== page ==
In recent years, Africa has experienced major economic growth achieving an average GDP growth of over 5% between 2001 and 2010. Unfortunately, the continent experienced economic decline between 2010 to 2015 revealing much of its achievements concentrated on its oil exporting economies while a highly valuable asset, Africa’s growing labour force, remained untapped. The recession and consequential lack of jobs that followed from this pressed Africa’s youths to become more resourceful thereby unveiling the rise of entrepreneurship.
Economic scholars, as stated by ICF Africa, agree that the solution to Africa’s economic woes is investing in Small and Medium Enterprises. They propose this will create jobs, allow Africa to compete in the global market and increase the collective GDP of all African countries. It is important to note that Africans have long been entrepreneurs with unregistered and informal businesses reaching 60 percent according to Thomas Wolfgang’s 2010 paper, Entrepreneurship and African Development. This owes mainly to the lack of an enabling environment and capital to start-up a successful business while those with the means combat corruption and bureaucracy on a daily basis. Despite the obvious challenges entrepreneurs face in Africa, many still believe it is Africa’s saving grace.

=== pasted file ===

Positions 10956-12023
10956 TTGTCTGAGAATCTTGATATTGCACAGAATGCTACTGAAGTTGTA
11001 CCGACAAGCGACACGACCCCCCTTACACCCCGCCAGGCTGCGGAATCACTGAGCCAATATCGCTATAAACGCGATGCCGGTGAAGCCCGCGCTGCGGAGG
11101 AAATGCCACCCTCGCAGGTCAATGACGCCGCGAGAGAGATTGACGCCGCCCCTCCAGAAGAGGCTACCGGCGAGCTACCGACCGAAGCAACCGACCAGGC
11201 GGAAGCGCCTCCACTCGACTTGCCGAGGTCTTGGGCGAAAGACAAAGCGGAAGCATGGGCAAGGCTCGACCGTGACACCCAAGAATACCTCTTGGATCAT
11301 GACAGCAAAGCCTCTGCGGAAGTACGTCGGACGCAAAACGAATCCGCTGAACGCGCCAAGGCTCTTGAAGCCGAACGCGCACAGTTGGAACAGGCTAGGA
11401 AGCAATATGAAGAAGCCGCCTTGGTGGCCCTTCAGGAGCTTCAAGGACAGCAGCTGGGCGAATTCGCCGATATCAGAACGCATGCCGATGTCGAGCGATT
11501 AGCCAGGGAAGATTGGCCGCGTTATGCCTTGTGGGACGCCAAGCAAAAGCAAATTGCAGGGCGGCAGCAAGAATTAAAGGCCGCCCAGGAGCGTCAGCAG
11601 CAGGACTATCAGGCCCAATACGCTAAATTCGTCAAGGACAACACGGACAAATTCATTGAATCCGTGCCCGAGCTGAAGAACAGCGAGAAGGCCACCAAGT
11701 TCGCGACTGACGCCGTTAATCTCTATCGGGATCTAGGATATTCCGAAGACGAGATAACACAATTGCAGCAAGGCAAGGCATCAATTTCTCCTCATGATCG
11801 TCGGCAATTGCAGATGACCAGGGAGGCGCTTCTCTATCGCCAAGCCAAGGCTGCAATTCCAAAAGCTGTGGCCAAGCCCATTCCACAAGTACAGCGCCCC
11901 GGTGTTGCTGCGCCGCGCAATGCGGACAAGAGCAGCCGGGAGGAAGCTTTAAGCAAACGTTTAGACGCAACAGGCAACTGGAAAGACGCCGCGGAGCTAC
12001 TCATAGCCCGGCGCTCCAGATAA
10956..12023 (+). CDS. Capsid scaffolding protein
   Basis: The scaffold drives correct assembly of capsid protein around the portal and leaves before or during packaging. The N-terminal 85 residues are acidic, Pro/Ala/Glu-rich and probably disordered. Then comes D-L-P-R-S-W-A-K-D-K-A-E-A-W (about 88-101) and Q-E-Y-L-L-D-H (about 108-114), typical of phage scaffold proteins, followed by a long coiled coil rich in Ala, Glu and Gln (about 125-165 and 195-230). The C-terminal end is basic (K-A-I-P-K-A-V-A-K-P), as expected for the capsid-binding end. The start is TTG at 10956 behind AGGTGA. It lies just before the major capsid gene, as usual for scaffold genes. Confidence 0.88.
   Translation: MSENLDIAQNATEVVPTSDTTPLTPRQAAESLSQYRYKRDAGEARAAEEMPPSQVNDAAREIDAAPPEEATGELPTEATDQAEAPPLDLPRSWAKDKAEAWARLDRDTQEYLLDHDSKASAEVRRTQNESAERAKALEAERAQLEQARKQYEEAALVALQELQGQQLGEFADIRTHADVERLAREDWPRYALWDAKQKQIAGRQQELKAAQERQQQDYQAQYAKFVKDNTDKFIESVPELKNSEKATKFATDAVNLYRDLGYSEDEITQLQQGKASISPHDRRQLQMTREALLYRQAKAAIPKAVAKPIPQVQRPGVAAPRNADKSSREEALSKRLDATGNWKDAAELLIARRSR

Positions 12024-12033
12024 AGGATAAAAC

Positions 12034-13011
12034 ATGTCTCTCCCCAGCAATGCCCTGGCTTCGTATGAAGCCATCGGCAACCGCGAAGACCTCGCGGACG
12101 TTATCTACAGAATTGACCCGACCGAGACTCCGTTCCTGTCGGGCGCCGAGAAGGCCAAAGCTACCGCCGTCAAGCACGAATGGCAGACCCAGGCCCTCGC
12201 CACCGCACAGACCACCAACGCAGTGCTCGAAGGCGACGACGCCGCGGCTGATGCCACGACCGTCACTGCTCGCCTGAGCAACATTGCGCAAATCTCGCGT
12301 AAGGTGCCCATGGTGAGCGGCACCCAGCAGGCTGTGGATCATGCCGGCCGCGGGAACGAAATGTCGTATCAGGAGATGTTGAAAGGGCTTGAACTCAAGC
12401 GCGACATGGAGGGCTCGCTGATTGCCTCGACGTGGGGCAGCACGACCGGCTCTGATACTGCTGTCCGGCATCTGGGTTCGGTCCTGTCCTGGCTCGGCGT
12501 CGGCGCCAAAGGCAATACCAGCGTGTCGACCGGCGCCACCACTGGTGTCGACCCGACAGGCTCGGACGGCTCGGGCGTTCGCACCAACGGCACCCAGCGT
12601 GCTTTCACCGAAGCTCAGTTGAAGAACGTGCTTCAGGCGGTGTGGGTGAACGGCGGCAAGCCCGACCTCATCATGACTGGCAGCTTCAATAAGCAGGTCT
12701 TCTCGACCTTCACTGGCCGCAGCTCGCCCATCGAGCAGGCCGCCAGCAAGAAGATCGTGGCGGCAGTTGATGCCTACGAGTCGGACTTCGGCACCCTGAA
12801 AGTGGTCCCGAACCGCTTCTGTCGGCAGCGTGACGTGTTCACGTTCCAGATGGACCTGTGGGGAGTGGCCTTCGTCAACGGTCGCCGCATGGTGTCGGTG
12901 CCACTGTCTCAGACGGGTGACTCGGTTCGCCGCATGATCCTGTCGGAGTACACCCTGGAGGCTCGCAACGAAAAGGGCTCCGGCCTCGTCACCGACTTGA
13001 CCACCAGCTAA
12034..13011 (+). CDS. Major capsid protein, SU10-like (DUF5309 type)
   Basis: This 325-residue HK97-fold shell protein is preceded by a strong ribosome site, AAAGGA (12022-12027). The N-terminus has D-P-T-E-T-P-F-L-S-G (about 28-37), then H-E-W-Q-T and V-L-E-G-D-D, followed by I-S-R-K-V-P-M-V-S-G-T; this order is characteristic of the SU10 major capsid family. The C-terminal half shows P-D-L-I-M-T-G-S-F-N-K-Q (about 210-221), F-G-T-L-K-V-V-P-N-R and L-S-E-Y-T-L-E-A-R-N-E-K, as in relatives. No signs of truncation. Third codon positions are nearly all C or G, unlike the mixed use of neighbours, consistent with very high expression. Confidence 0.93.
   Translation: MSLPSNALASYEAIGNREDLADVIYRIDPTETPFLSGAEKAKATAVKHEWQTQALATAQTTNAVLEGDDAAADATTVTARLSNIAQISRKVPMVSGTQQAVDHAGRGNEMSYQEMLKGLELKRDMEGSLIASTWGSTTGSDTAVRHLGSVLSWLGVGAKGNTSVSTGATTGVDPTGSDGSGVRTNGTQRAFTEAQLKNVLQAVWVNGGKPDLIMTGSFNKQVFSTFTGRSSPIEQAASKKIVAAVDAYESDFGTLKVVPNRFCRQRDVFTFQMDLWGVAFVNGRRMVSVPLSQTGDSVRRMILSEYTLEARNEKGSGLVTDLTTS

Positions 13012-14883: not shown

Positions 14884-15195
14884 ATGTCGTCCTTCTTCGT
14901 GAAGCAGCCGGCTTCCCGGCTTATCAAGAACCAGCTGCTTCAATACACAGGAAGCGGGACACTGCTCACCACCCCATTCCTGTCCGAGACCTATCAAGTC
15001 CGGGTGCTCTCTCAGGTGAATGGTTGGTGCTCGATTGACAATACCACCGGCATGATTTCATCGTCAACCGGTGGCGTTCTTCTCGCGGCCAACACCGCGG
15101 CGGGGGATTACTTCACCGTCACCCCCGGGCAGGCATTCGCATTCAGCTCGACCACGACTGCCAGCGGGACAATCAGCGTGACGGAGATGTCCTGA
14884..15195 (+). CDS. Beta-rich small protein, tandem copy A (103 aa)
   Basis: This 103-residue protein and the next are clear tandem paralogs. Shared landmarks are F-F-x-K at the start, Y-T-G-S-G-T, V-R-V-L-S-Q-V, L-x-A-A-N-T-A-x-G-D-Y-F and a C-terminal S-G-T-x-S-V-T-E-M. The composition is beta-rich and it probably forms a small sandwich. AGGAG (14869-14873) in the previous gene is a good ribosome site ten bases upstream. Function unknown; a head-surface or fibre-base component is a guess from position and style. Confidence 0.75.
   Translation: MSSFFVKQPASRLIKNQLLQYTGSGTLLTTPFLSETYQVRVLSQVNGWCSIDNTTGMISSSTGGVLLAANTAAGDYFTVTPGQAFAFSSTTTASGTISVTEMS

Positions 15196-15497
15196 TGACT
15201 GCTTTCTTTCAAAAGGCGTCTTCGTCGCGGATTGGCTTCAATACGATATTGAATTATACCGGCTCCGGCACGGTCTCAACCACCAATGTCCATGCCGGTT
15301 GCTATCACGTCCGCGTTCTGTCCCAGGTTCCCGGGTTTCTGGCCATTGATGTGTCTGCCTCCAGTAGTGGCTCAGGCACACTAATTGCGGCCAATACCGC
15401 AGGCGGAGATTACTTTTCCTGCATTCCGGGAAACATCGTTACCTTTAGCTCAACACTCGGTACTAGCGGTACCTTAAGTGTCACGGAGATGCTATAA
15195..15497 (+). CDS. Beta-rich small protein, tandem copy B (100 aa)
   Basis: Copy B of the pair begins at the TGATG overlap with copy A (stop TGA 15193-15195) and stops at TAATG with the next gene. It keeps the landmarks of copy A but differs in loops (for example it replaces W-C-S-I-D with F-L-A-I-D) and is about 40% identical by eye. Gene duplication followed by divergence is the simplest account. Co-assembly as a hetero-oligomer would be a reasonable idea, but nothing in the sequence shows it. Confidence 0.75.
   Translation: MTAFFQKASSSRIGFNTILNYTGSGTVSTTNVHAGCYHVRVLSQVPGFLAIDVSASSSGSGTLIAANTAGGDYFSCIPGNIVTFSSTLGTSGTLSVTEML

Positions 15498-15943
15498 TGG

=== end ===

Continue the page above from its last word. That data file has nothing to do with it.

Following the economic growth of recently developed countries such as China and Japan, it is obvious entrepreneurs played a key role in moving the country towards industrialisation. In the 70’s when China loosened its stance on communism and embraced the capitalist market system, it recorded an increase in the number of private owned businesses. Now private businesses such as Lenovo Group Ltd founded by Liu Chuanzhi and Jack Ma’s Alibaba Group contribute to its secondary and tertiary market which make up 90% of China’s GDP.
International Organisations equally agree that the key to Africa’s growth and development lies in the success of it’s entrepreneurs. ICF Africa reports that World Bank claims successful SMEs are:
– Engines of economic growth.
– Essential for a competitive and efficient market.
– Critical for poverty reduction.
– Largest provider of employment in most countries.
– A major source of technological innovation and new products.
– Employers of poor and low-income workers.
– Sometimes the only source of employment in poor regions and rural areas.
In order for entrepreneurship to thrive in Africa, most such as Arthur Minsat of the OECD Development Centre, believe that Government need harness the skill of entrepreneurs, link local entrepreneurs to international businesses and help fund these local companies. Tony Elumelu, a successful Nigerian Entrepreneur, shares the same view and established the well known 10 year Pan-African $100 million Tony Elumelu Entrepreneurship Foundation in 2015 to Empower the next generation of African Entrepreneurs. However, entrepreneur mogul Jack Ma, warns that Entrepreneurship is not a substitute for development, as such Government should not rely so heavily on them.
It is therefore noteworthy that though Entrepreneurship can bring about positive change in Africa, government still must provide the enabling environment for local businesses to remain successful in the long term.